How can you spot a good professor?

An infamous study by Nalini Ambady and Robert Rosenthal, “Half a Minute: Predicting Teacher Evaluations From Thin Slices of Nonverbal Behavior and Physical Attractiveness,” shows that students can predict a teacher’s ratings with significant accuracy after watching a 30-second silent video clip of the teacher at work.  Resist the urge to attribute this to the superficiality of students’ ratings.  What is the nonverbal magic that an audience recognizes so quickly?

I believe self-confidence is the critical non-verbal quality which audiences pick up on very quickly.  Do you agree?  Here is more, full of good advice, via Greg Mankiw (now a member of the American Academy) and Craig Newmark.

Comments

I'm surprised that William Thomson's excellent "Guide to the Young Economist" (available on paperback from MIT Press) has not been mentioned in this context. Yes, this comes from one of William's former graduate students/advisees, but I think it's not just an automatic ad for my ex-advisor's book. It seems to me the book has a lot of sensible advice, along the line of the second link in the post, but targeted explicitly to the economics graduate student / new professor.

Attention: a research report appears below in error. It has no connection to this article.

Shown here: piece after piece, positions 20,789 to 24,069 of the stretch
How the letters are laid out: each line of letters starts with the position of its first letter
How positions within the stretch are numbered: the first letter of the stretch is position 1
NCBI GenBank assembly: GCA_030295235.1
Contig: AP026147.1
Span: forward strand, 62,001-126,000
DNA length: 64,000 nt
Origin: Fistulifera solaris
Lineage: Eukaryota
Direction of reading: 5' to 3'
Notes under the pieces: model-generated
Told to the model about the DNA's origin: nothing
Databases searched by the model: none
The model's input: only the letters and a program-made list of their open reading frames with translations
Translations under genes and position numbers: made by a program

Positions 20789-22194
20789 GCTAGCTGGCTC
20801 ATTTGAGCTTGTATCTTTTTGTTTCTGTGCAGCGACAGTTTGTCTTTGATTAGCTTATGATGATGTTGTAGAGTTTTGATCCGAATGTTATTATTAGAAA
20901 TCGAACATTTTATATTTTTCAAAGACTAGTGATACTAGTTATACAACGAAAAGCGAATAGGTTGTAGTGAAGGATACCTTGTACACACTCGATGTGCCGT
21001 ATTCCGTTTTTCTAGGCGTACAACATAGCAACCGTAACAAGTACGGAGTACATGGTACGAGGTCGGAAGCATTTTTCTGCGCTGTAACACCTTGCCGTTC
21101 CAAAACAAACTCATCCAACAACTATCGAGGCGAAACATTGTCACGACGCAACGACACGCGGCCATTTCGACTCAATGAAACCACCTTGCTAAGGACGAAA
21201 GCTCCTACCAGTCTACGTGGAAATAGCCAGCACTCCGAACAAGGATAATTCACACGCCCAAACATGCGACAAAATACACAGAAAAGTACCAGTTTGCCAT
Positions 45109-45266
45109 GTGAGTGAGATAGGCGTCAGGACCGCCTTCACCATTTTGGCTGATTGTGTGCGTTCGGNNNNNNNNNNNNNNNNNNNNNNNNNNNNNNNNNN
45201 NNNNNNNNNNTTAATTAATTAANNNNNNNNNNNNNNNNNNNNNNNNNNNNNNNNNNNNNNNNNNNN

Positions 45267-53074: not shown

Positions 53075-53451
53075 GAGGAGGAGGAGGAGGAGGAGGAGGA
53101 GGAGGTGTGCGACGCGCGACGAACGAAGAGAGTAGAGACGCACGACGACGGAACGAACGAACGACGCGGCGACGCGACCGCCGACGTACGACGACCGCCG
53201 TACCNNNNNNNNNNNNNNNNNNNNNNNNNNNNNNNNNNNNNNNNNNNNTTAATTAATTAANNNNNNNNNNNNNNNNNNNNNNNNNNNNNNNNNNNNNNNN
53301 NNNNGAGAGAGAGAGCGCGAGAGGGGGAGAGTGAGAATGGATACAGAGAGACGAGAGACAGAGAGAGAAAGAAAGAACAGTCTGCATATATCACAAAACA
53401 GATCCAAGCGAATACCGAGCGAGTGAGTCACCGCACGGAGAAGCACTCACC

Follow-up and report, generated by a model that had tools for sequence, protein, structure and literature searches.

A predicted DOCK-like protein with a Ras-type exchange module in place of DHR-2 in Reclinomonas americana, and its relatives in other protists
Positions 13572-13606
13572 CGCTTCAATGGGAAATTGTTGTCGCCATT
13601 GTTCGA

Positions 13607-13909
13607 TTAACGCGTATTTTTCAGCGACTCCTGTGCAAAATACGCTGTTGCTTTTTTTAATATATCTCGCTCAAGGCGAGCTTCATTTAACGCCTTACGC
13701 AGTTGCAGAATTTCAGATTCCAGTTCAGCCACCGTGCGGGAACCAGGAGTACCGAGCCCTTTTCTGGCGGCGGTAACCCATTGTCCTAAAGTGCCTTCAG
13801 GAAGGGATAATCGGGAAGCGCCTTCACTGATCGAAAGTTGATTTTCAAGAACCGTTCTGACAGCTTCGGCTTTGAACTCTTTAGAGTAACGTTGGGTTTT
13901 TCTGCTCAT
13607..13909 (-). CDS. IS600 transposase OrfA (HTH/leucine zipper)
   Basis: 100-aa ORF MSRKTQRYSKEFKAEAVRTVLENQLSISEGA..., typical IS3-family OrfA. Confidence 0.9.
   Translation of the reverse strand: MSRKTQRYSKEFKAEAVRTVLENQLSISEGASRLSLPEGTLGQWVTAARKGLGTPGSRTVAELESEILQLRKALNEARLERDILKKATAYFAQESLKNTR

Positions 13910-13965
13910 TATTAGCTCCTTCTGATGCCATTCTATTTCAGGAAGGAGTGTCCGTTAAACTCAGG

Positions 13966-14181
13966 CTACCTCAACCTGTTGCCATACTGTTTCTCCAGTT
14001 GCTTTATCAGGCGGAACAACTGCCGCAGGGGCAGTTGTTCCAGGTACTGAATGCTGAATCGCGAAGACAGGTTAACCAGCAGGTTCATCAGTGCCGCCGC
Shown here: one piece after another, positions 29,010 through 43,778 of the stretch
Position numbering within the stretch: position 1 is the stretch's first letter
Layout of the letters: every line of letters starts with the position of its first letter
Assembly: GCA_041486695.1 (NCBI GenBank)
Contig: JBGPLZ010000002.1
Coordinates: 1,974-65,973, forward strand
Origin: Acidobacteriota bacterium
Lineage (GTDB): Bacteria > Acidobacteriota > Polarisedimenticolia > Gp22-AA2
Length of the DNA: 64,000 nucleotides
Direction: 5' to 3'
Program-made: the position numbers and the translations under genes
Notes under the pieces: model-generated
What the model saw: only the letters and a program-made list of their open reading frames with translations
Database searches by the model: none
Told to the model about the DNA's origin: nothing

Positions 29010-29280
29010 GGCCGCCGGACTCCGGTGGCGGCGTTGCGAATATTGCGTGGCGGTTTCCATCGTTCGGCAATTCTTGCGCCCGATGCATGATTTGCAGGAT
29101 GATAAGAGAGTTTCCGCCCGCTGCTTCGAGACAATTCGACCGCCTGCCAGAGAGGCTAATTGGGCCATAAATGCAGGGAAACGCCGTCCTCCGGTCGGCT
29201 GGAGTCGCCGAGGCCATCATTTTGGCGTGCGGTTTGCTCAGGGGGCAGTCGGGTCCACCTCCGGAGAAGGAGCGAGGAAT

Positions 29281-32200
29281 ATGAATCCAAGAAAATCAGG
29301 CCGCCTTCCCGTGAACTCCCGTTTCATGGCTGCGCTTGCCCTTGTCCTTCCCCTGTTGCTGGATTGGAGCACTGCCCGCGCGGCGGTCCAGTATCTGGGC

Attentiveness, enthusiasm, interest, and interaction are probably all discernible to some extent.

I will say this for a teacher's deliver as I say it about getting your way with a woman:
If you can make her smile, you are halfway up her leg!
humor always helps

I wish to understand this post a little better: Is the fact that 30-second, silent, observations of teachers accurately predict their course evaluations suppose to indicate (a) that people can pick up a lot of information very quickly? Or it it perhaps (b) that end-of-term student course evaluations of teachers are extremely shallow and don't really measure teacher quality or effectiveness?

I lean toward (b), myself...

The New Yorker Magazine did a great article on this subject about 8 years ago. Talked about Microsoft's Steve Ballmer making a hiring decision based on a person who asked a question in the audience during one of his speeches. Ballmer had his handlers track the guy down and offer him a job.

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